May 20, 2024

C-peptide, a biomarker that indicates insulin production, is a validated surrogate endpoint in type 1 diabetes clinical trials

New York, May 20, 2024 — A paper published in the June edition of the Journal Diabetes demonstrates that C-peptide, a biomarker that indicates the production of insulin, is a validated surrogate endpoint, or predictor of clinical benefit, for clinical trials of disease-modifying therapies for type 1 diabetes (T1D) in the new-onset stage. The paper, written by Breakthrough T1D Vice President of Research Esther Latres, Ph.D., and co-authored by Breakthrough T1D staff and other leaders in the field, reviewed published evidence and clearly demonstrated the association between the preservation of C-peptide and clinical benefits. If accepted by the regulators, the use of C-peptide as a validated endpoint has the potential to transform T1D clinical trials and accelerate the development of disease-modifying therapies for T1D.

“Through a comprehensive and extensive review of studies showing clinical benefits and endpoints traditionally used in type 1 diabetes, there is support for the acceptance of stimulated C-peptide as a validated surrogate endpoint for clinical trials in disease-modifying therapies in people with newly diagnosed type 1 diabetes,” said Esther Latres, Breakthrough T1D Vice President of Research. “There remains an urgent need for new therapies that can change the course of T1D, particularly in its early stages. Such acceptance would be a breakthrough that could rapidly advance the development of life-changing therapies and lead the way to cures for type 1 diabetes.”

Decades of research have resulted in tremendous progress and therapeutic options to improve T1D, yet there is still a significant unmet need to improve outcomes for those who live with the condition. The authors highlight the role and importance of disease-modifying therapies in addressing this need. However, the currently accepted efficacy endpoints, HbA1c, low blood sugar events, and complications, are limiting for disease-modifying therapy clinical trials, particularly in new-onset T1D, where low blood sugar events are uncommon and complications take years to develop.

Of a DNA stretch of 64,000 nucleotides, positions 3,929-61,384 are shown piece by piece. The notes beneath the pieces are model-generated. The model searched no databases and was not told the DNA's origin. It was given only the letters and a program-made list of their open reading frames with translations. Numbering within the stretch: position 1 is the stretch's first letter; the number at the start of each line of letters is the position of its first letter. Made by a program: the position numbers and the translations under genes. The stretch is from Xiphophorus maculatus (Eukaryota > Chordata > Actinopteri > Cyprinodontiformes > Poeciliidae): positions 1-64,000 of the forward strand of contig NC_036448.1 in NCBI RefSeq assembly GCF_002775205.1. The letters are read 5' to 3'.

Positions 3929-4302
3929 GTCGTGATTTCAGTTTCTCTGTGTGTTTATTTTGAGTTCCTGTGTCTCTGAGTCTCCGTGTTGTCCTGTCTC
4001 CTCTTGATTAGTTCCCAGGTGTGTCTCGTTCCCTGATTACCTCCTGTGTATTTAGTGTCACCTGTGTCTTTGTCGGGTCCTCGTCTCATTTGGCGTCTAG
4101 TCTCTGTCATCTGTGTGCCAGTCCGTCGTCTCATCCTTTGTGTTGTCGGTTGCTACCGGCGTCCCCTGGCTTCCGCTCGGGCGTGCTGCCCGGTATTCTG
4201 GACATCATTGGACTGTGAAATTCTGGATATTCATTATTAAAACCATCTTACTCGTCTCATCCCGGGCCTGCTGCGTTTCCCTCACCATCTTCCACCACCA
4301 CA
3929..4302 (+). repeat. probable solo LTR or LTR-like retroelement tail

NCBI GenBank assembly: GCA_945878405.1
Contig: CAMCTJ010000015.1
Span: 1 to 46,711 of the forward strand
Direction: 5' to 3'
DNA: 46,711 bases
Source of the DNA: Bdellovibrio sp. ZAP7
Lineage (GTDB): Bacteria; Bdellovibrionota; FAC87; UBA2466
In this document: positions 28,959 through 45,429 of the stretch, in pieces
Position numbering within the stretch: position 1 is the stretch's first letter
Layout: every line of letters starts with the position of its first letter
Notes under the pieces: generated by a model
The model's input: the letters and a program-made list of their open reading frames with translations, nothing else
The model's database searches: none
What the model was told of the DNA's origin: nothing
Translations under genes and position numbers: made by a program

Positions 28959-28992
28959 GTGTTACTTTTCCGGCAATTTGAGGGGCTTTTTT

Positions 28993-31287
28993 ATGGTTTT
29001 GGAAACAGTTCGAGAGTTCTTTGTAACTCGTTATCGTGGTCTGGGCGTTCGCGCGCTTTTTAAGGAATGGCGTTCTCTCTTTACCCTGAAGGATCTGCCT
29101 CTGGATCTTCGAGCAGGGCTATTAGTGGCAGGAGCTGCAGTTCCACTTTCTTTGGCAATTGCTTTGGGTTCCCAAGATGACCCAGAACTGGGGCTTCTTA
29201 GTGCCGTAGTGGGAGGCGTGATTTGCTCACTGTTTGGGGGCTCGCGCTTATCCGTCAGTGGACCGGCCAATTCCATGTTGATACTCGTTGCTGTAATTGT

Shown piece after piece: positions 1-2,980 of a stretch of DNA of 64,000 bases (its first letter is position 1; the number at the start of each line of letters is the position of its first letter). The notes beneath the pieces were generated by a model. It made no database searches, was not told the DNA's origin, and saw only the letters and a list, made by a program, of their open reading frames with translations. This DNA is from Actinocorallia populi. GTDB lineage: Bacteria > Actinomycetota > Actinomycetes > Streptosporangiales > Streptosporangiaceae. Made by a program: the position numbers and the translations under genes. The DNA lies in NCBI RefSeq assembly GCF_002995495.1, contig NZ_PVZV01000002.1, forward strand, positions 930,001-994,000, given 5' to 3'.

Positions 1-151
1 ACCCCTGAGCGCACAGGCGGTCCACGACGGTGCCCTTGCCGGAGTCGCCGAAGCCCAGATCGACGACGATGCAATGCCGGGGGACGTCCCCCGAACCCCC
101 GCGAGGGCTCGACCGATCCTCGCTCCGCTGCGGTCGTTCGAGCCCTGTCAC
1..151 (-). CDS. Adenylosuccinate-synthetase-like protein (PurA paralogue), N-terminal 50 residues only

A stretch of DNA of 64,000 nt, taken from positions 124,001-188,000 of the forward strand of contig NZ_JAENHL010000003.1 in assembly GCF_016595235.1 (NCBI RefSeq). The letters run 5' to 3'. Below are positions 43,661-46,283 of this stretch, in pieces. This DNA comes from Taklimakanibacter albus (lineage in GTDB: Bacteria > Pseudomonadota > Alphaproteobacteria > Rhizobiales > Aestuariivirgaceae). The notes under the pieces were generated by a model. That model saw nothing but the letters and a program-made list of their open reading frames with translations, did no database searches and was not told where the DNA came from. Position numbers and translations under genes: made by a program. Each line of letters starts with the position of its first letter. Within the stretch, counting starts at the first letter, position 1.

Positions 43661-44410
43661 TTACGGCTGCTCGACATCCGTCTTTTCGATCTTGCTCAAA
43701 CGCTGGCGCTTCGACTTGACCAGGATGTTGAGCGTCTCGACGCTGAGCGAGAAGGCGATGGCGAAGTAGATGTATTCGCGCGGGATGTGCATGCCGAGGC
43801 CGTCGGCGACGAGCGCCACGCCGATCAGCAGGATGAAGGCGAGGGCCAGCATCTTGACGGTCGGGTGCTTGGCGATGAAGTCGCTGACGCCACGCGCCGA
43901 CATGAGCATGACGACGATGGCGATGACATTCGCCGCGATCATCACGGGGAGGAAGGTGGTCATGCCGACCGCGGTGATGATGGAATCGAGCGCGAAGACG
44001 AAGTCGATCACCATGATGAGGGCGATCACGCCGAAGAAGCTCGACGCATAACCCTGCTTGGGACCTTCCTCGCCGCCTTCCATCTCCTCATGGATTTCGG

“Disease-modifying therapies are a key element of Breakthrough T1D’s research strategy to develop cures for type 1 diabetes,” said Sanjoy Dutta, Ph.D., co-author and Breakthrough T1D Chief Scientific Officer. “The research in this area is promising, with the approval of the first disease-modifying therapy for people in Stage 2 T1D, teplizumab, in 2022. Importantly, several drugs approved for other autoimmune diseases have shown they can protect and preserve C-peptide at the time of diagnosis, and it’s Breakthrough T1D’s role to help accelerate the development pathway for disease-modifying therapies in T1D.”

About Breakthrough T1D
JDRF’s mission is to accelerate life-changing breakthroughs to cure, prevent, and treat T1D and its complications. To accomplish this, Breakthrough T1D has invested more than $2.5 billion in research funding since our inception. We are an organization built on a grassroots model of people connecting in their local communities, collaborating regionally and globally for efficiency and broader fundraising impact, and uniting on a global stage to pool resources, passion, and energy. We collaborate with academic institutions, policymakers, and corporate and industry partners to develop and deliver a pipeline of innovative therapies to people living with T1D. Our staff and volunteers throughout the United States and our five international affiliates are dedicated to advocacy, community engagement, and our vision of a world without T1D. For more information, please visit or follow us on Twitter (@JDRF), Facebook (@myjdrf), and Instagram (@jdrfhq).

About Type 1 Diabetes (T1D)
T1D is an autoimmune condition that causes the pancreas to make very little insulin or none at all. This leads to dependence on insulin therapy and the risk of short or long-term complications, which can include highs and lows in blood sugar; damage to the kidneys, eyes, nerves, and heart; and even death if left untreated. Globally, it impacts nearly 9 million people. Many believe T1D is only diagnosed in childhood and adolescence, but diagnosis in adulthood is common and accounts for nearly 50% of all T1D diagnoses. The onset of T1D has nothing to do with diet or lifestyle. While its causes are not yet entirely understood, scientists believe that both genetic factors and environmental triggers are involved. There is currently no cure for T1D.